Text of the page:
The purpose of the Model Challenge problems is to assess the capability of modeling languages and/or logics to represent various constructions which occur in a variety of conceptual modeling disciplines. The first several challenges are concerned with what is called composite structures (See Cory’s site). In the marriage example the composite structure is the husband and wife components of the marriage and the spousal relationship. Again the problem is to create model which describes one or more marriages. The modeling quality evaluation is precision: are non-intended models are excluded. This requires that the language have some implicit or explicit notion of semantics. This problem is simplified to only be concerned with the static case. Later temporal aspects will be investigated.
If no one else does I will likely provide examples in SysML, OWL, and FOL. Each of these languages has pluses and minuses for this problem. The intent for the challenge is to analyze the effectiveness of the languages and do comparisons. The result will help inform the OMG group which is attempting to define a precise semantics for composite structures.
From: ontology-summit-bounces@xxxxxxxxxxxxxxxx [mailto:ontology-summit-bounces@xxxxxxxxxxxxxxxx] On Behalf Of Cory Casanave
Sent: Wednesday, May 02, 2012 6:32 PM
To: Ontology Summit 2012 discussion
Subject: Re: [ontology-summit] First Model Bench Challenge
The actual purpose of the example was to demonstrate composite concepts – i.e. that the concept of “spouse” is meaningful within the context of marriage. However we could assume that the further purpose is to define common concept to allow information federation regarding marriages, spouses and such.
Your premise is that it is “rarely feasible” to have such a model without s specific purpose (i.e. system?) in mind. Yet, one of the fundamentally purposes of federation is to correlate information from independently conceived systems. If there are no concepts shared beyond those “designed in” then no communication between or involving such systems is possible.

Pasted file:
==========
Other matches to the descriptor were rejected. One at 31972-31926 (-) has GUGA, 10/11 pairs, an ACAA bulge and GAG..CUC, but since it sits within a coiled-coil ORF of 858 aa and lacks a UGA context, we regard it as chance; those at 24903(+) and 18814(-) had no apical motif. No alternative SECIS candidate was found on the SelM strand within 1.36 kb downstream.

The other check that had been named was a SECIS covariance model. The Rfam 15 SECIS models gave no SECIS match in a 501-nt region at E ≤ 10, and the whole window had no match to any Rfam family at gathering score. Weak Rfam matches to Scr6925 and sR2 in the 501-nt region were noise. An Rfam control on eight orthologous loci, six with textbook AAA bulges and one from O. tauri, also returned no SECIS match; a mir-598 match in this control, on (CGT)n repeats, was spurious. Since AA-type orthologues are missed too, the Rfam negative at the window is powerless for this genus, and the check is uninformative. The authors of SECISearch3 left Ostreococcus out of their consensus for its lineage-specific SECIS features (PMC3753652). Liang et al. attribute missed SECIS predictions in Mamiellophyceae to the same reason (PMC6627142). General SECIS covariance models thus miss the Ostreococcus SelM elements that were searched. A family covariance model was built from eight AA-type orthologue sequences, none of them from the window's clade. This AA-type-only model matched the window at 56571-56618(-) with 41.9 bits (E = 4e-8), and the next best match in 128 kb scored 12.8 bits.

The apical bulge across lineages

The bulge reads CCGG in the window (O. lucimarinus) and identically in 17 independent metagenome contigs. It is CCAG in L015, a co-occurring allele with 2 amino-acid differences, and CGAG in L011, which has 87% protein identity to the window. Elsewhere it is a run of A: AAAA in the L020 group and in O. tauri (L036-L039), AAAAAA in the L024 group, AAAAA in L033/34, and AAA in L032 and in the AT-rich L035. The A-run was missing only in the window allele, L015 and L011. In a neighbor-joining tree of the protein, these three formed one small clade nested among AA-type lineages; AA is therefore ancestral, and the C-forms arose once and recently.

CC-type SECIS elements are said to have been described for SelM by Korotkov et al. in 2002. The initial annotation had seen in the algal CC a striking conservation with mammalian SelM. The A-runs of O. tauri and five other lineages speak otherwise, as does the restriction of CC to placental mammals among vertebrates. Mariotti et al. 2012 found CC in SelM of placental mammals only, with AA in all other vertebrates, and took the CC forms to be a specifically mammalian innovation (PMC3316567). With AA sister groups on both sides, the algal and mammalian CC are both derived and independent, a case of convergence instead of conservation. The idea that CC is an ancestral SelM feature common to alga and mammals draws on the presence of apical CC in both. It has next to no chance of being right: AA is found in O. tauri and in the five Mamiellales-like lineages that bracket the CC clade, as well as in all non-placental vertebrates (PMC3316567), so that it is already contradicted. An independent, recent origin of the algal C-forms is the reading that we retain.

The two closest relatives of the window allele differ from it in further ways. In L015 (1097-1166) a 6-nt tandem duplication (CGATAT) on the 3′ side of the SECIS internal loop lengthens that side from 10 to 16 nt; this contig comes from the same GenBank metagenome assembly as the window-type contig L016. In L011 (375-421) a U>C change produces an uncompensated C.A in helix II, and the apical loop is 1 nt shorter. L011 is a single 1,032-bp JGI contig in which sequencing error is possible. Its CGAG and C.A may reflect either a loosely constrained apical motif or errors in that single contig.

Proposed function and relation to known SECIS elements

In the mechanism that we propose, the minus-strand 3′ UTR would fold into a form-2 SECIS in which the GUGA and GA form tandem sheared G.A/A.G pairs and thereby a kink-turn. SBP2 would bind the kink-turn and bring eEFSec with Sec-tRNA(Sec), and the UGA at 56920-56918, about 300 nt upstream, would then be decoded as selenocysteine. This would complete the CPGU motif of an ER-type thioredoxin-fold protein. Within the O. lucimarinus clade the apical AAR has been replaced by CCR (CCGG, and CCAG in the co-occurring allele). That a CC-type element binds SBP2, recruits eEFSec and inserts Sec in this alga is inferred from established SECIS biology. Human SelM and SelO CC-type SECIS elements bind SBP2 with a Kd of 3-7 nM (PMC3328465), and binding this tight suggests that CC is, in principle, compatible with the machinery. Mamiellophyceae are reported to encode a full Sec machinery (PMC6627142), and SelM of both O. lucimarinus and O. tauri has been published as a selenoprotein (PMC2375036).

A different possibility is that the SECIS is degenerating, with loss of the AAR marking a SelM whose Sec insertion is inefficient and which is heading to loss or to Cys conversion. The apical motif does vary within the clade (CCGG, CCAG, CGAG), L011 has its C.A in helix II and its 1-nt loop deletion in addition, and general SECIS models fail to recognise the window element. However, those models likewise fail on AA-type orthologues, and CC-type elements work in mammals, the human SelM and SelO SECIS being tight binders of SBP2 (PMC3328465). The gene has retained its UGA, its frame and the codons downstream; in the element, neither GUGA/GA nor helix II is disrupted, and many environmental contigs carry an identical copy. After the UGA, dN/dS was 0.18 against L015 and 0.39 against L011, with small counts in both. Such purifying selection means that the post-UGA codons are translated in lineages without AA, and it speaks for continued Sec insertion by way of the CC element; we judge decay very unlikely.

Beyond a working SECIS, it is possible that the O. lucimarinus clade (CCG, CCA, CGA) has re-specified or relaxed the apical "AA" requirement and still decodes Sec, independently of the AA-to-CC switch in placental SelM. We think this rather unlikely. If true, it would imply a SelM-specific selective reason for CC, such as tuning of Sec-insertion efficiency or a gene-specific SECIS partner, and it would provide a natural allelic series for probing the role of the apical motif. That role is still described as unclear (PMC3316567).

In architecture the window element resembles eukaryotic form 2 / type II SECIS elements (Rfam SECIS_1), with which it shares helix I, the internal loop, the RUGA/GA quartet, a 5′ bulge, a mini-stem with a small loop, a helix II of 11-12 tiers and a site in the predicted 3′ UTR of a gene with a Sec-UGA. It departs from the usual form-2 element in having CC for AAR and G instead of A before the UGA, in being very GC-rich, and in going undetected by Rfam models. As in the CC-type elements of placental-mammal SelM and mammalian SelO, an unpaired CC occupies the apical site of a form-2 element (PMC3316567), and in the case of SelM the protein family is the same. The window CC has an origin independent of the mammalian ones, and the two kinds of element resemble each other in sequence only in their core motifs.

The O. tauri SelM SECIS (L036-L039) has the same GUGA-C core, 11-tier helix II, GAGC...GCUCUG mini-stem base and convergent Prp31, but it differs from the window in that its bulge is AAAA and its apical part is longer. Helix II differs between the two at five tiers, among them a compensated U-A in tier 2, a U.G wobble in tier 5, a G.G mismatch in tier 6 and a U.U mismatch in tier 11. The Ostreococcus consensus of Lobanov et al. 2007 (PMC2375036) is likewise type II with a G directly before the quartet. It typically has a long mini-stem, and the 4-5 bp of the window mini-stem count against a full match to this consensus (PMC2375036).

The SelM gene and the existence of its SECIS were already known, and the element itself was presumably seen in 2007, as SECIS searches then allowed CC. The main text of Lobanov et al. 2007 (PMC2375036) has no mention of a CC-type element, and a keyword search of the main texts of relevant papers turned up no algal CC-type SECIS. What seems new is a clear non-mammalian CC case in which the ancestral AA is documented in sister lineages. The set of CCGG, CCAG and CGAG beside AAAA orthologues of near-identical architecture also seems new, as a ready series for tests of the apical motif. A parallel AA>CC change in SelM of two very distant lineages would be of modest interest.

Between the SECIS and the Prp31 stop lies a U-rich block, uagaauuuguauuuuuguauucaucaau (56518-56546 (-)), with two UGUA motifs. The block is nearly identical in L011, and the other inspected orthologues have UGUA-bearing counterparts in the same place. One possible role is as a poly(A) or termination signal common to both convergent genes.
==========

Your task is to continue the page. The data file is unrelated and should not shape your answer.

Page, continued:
The complexities of how various institutions decide to classify marriage is interesting but, to my mind, not that relevant. If we over axiomatize concepts they are never correct. A federation model should seek to say as little as possible about a concept to define it (specializations of that concept may then add more details – such as common law marriage in Virginia). The details of why certain individuals or institutions may or may not consider certain individuals to be in a state of marriage is less important than they do. For example, if I were asking for a list of marriages across a collection of jurisdictions, I will get a set. How they derived each subset is their business – what we would like is for the general definition to be compatible with whatever policies each jurisdiction imposes. What jurisdictions we “trust” is another matter.
I know this flies in the face of some peoples ontological principles, in that we may not know the differentia for marriage even if we have a well-defined and identifiable concept. However, in real practice the concept does exist and is in regular use in some form that allows us to communicate beyond the scope of a designed system.